Since a lot of homes in the Philippines are not grounded and there is a lot of discussion about this, we thought it would be advantageous to a lot of people to understand some of the myths surrounding grounding and electricity.
Basic rules about Current
Before we get into the myths, it is helpful to first know these rules.
- Current leaves the source and returns to the source. That is called a circuit. If you take a battery, the circuit is complete ONLY if you have one part of the circuit connected to the positive and the other side to the negative. There is NO circuit if you connect one side to the positive and the other side to ground. Try it. Take a battery and connect positive to the one terminal of the light bulb and connect the other terminal to ground. It will not go on. (Do this with a battery, not a 220v power cord!) Current is always trying to make it back to the source.
- Current does not go to Ground. You cannot expect that a circuit connected to the earth will protect you from an electrical shock. it cannot. A ground rod will not protect you from electric shocks.
- The ONLY way to prevent or stop an electric shock is to turn off the current.
Here are the Myths.
- “Grounding provides the path necessary to clear a ground fault”. This is false. IT WILL NOT TRIP THE BREAKER.
- “Current takes the path of least resistance”. This is probably the biggest myth about electricity. It does not.
- “Grounding brings everything to zero potential. This reduces touch and step voltage to a safe value”. This is absolutely not true.
- “The more grounding the better”. Absolutely false. In fact, too much grounding can cause more problems than it solves.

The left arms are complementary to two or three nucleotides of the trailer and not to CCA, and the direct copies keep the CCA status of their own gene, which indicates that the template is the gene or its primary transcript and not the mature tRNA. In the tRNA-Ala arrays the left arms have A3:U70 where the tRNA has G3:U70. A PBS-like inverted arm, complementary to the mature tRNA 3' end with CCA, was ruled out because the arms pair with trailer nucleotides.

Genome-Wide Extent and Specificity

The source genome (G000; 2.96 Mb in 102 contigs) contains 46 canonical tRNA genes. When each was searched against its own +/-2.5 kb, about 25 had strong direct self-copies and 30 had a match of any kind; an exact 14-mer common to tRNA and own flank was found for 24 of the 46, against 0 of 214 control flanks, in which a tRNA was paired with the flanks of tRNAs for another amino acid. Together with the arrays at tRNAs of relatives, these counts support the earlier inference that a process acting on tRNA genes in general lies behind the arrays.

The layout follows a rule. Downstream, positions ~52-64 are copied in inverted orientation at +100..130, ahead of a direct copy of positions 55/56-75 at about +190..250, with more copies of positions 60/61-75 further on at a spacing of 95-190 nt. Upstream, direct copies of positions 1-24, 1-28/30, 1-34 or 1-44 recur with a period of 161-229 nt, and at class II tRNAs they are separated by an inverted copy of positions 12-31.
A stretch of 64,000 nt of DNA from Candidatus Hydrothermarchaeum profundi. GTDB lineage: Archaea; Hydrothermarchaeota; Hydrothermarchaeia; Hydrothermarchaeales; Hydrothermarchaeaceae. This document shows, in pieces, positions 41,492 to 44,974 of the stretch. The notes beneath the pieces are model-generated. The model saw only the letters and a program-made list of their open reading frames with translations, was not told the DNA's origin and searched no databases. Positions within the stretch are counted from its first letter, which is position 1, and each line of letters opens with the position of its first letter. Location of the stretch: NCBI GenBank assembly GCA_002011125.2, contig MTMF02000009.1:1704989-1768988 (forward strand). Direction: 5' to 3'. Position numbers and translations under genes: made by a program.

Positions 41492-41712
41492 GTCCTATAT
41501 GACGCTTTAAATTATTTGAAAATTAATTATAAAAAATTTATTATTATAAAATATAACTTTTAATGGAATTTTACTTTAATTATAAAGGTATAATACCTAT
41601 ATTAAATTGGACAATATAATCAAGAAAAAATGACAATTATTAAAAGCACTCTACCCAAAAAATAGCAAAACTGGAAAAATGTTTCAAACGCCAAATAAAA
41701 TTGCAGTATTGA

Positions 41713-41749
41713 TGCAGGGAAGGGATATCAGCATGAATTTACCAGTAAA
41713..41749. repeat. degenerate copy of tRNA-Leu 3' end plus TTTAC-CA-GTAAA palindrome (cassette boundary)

- “Grounding a light pole is necessary and is required by code”. We are not sure about Philippine code, but it is absolutely not true. In fact, grounding light poles have resulted in poor little male dogs getting electrocuted when the relieved themselves against the pole.
- “A generator should be grounded”. It absolutely should not be. Unfortunately, even generator manufacturers sometimes erroneously state that their device must be grounded. It is dangerous.
- “Attaching a ground device reduces the possibility of voltage on equipment in the first place”. Absolutely not true.
- “Minimizing ground resistance will i) Help trigger circuit breakers faster minimizing duration of hazard. ii) Keep voltage rise to a minimum also reducing hazard”. This is patently not true.
- “Bonding devices together so that there are multiple grounding points will lower overall resistance to ground limiting voltage rise and duration of hazard”. Not true.
- “Grounding protects against electric shock”. It does not.
The most important thing to consider when reading through this list of fallacies is to know that current MUST RETURN TO ITS SOURCE.
If you put that returning current to ground, it will still, by hook or crook, make its way back to its source.